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Dipa Karmakar inspires India’s women and girls to strive for big things; her very participation at an Olympic event is cause for cheer.
I was glued to the television screen, taking in the smallest details of her move. It was replayed in slow motion – swirl, swirl and then a sound ‘thud’. She landed through the sand, knees bent and a balanced stand up, and the crowd went crazy.
She waved at the crowd and rushed towards her coach. He patted her back and the score board displayed the eighth rank. Yes, yes! She had qualified for the finals. I was screaming and jumping with excitement, as if she would hear me and wave back to me.
My son looked at me and seemed puzzled. The expressions on his face were, as if he were asking these questions. “Maa, what happened?” I told him, “See dude, she qualified for the finals. Does she not inspire you?” In return he threw his hands in the air and chuckled and started babbling out of excitement. My son might have understood that his mother is happy about something. This is the way we communicate.
I turned back towards the television, and there she was, the spellbinding personality, returning the acknowledgment with a humble gesture. I was telling myself, “You are a diva, Ms. Karmakar. I behaved in this hyper fashion for another half an hour and to top it, my son accompanied me too.
And why should not I? After all, Dipa Karmakar is the first Indian gymnast, female or male to compete in any Olympics in 52 years.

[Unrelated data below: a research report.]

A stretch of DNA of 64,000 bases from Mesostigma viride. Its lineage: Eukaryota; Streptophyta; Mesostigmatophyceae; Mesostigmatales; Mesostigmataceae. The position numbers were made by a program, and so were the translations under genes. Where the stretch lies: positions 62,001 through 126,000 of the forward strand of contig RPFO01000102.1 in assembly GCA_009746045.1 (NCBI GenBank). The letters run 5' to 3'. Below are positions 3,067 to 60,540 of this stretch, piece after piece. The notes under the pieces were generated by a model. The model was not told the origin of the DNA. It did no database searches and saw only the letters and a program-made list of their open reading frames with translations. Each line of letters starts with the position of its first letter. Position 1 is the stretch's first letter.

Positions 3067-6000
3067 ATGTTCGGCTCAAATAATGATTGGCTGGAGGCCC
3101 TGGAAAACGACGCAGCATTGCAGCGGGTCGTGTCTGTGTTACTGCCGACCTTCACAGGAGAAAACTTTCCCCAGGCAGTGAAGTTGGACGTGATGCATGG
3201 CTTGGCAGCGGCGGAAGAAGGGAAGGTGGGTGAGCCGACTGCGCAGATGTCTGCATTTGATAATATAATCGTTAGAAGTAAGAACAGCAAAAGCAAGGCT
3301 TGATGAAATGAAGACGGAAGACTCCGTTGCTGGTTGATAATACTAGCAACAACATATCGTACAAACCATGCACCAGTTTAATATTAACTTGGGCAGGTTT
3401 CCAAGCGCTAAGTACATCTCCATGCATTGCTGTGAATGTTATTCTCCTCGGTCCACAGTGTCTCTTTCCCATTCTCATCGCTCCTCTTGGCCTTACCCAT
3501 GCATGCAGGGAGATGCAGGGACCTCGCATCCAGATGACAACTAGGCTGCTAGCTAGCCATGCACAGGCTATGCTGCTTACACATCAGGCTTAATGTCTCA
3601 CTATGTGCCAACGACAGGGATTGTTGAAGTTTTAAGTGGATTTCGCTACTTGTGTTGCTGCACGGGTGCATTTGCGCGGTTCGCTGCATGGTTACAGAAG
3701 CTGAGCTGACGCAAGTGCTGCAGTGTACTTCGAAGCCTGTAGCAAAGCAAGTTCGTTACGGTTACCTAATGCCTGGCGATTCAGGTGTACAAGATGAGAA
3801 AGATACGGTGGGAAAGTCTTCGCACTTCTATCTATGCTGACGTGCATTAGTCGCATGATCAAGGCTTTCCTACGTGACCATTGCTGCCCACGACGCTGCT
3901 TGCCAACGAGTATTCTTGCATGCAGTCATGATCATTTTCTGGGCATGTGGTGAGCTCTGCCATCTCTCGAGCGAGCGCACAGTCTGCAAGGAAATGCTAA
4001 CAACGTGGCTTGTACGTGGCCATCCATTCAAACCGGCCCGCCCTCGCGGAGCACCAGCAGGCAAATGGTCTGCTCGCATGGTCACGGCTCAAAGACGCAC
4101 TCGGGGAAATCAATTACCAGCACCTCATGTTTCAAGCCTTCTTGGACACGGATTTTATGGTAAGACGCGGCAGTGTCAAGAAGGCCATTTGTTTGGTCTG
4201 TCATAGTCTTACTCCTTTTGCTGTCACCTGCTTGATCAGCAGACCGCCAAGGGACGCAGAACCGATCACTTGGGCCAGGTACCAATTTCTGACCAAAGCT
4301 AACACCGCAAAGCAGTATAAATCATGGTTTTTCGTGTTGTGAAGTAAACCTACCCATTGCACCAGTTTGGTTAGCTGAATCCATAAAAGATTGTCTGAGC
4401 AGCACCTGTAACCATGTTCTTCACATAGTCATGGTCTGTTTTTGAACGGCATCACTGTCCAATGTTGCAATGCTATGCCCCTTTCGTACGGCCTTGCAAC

When I was drained out of energy, I looked for something edible. I saw my son chasing his circlet rattle and falling every time trying to catch it. I tried to pull myself out of the enthusiasm and went to boil some tea. I finished the other house chores, played with my son and sang him a lullaby to sleep.
I was lying next to him and soon I started daydreaming. It was different this time, this dream of my childhood. “You are so clumsy, so careless…” this voice came from afar and soon a defensive voice echoed, “she has wheels in her legs, she just tries to do things fast…” and then she winks at me. I returned her smile with a grin and start running after the glowworms, my favourite thing to do. I laughed aloud and flapped my hands and flew…Maa, see I am flying!
My yawning son brought me back to reality and I took him in my arms and bribed him to sleep again with a lullaby. I looked at him and thought, “He will fly on wheels one day…”
I always wanted to learn skating but could not accomplish it. I killed my wish unlike others who went ahead. “Education only matters, games will take you nowhere.” I could not sleep that night, as I kept thinking of my skates. It was midnight when I woke my husband up, and narrated to him my day, my dream. He requested me to sleep and promised to discuss it the next day.
The next day, when I returned from my walk, a small piece of paper was fluttering on the table. It was an admission form for skating school and there lying, was a note too. It said, “I wish our son learns to fly from the best teacher.”
Wiping my tears away, I told myself, “Thank you, Ms. Gymnast, you have made my dream come true and a belated happy birthday to you.”
A researcher, an advocate of equal rights, homemaker, a mother, blogger and an avid reader.
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